As is true of most libertarians, he is charmingly pure and naïve in his views on government. Government is not the product of purity, however, but of messy compromises. Among this year’s candidates, Sarvis seems least capable of surviving, much less leading, the brink-of-anarchy world he desires. If there is a task he is less qualified to handle than running a state government, it is the dismantling of that government, an inevitable consequence of his proposal to eliminate income taxes.
Sarvis says he would soften the budget blow by expanding sales taxes to cover services, even though he points to the regressive nature of sales taxes as the primary reason he opposes this year’s transportation funding legislation. It’s hard to follow his reasoning, although he should have been given a chance to explain it during this year’s debates.
We recognize that our blaze of bullets offers little help to voters this year. Many will trudge glumly to their precinct and make choices based on partisan loyalty or an individual policy concern, and we give them our thanks for keeping democracy on life support. Those who cannot in good conscience vote for the official candidates should consider writing in Lt. Gov. Bill Bolling.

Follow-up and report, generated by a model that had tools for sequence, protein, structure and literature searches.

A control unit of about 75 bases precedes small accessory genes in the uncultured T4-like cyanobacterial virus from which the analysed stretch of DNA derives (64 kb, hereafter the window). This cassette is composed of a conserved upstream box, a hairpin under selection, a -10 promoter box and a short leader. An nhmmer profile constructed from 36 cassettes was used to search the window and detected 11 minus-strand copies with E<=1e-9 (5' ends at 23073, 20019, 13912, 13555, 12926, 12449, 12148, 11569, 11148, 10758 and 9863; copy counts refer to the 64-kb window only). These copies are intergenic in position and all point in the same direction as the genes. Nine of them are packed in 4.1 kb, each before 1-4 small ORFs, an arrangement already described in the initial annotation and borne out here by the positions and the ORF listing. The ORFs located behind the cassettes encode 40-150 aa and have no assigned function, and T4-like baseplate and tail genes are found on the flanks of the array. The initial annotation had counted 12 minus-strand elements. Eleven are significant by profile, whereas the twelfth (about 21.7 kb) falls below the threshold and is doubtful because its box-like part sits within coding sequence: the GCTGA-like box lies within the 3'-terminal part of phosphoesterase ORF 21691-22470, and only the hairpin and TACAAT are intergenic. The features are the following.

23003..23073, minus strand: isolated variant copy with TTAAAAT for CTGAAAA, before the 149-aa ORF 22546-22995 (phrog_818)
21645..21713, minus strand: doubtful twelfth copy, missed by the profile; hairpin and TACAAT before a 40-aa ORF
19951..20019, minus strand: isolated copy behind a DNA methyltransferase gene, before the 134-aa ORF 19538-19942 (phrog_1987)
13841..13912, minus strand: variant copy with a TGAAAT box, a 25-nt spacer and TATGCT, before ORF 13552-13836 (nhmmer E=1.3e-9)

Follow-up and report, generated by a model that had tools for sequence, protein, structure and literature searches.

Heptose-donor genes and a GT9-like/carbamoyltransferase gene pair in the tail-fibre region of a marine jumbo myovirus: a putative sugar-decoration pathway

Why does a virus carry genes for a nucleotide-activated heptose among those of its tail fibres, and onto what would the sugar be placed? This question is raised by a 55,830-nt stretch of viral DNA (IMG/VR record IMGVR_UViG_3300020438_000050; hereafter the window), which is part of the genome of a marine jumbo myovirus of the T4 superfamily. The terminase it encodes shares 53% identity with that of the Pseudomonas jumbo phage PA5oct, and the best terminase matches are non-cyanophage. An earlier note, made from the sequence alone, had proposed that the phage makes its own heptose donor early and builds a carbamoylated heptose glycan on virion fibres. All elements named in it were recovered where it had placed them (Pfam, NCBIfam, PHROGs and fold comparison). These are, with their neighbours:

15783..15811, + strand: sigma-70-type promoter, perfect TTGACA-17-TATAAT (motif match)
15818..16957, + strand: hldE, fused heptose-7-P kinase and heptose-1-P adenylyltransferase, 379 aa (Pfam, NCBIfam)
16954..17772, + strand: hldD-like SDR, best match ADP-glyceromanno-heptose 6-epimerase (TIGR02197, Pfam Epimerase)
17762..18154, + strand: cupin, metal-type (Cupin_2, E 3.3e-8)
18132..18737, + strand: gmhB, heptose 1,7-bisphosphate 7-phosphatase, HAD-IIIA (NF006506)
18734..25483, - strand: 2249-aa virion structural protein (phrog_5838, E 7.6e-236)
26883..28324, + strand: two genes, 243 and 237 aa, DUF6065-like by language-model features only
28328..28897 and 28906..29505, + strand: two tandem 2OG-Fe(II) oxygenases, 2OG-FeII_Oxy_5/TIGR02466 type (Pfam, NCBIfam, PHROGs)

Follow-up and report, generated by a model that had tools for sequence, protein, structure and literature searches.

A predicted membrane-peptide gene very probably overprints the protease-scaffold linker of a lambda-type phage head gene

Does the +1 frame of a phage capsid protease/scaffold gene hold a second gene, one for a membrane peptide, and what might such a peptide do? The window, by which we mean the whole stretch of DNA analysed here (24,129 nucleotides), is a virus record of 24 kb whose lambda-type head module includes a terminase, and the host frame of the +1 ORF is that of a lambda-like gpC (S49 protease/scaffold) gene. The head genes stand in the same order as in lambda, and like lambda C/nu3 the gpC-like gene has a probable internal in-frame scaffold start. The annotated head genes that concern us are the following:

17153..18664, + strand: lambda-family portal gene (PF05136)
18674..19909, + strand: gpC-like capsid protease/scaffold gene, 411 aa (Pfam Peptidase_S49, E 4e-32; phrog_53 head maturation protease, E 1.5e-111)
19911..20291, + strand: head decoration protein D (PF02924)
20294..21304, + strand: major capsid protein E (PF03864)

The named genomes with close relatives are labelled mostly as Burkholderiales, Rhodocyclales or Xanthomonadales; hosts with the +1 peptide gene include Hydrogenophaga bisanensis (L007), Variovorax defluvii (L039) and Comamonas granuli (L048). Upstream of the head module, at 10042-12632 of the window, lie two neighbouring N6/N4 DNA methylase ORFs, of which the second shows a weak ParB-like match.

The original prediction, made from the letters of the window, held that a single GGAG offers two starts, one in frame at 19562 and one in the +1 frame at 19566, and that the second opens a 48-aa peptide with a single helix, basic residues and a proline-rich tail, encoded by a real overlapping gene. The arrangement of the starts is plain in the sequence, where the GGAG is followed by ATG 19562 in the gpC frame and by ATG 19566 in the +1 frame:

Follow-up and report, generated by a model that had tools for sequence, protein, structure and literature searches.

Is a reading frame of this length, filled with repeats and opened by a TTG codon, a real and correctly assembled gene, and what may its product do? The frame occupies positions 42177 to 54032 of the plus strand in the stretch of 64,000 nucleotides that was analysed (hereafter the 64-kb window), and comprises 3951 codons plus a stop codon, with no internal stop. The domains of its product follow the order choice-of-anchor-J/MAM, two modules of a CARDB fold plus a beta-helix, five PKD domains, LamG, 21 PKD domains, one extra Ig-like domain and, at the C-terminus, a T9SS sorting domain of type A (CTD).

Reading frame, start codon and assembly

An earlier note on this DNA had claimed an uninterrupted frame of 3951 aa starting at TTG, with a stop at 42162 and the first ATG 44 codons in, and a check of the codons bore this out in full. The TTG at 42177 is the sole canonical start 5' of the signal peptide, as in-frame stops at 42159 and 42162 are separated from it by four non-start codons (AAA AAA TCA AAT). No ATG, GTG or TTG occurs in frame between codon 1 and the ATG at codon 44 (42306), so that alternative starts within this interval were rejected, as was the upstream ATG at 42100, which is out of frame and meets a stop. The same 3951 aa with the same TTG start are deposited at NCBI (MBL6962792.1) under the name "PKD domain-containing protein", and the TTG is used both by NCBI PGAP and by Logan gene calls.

The Republican mistakenly assumed his “next in line” status would send the GOP nomination his way. Cuccinelli out-smarted and out-worked him. While Bolling must accept responsibility for his missteps, he nevertheless presents a viable choice for voters yearning for a public servant with a businesslike approach to his duties.
Bolling has been complicit in past GOP purges of the party’s moderate wing, only to fall victim himself to the latest purity test. But he also has been a long-time advocate of redistricting reform, prescient in his realization that gerrymandering has sown the seeds of extremism within the legislature and local party committees. This year’s ballot is the inevitable consequence.
Yes, Bolling should have worked harder for a better party and a better state. But we all share in that failure. We will either learn from our mistakes, or we will settle for living with our regrets. That’s the real choice for 2013.
Weather JournalMany very icy despite 'bust' claims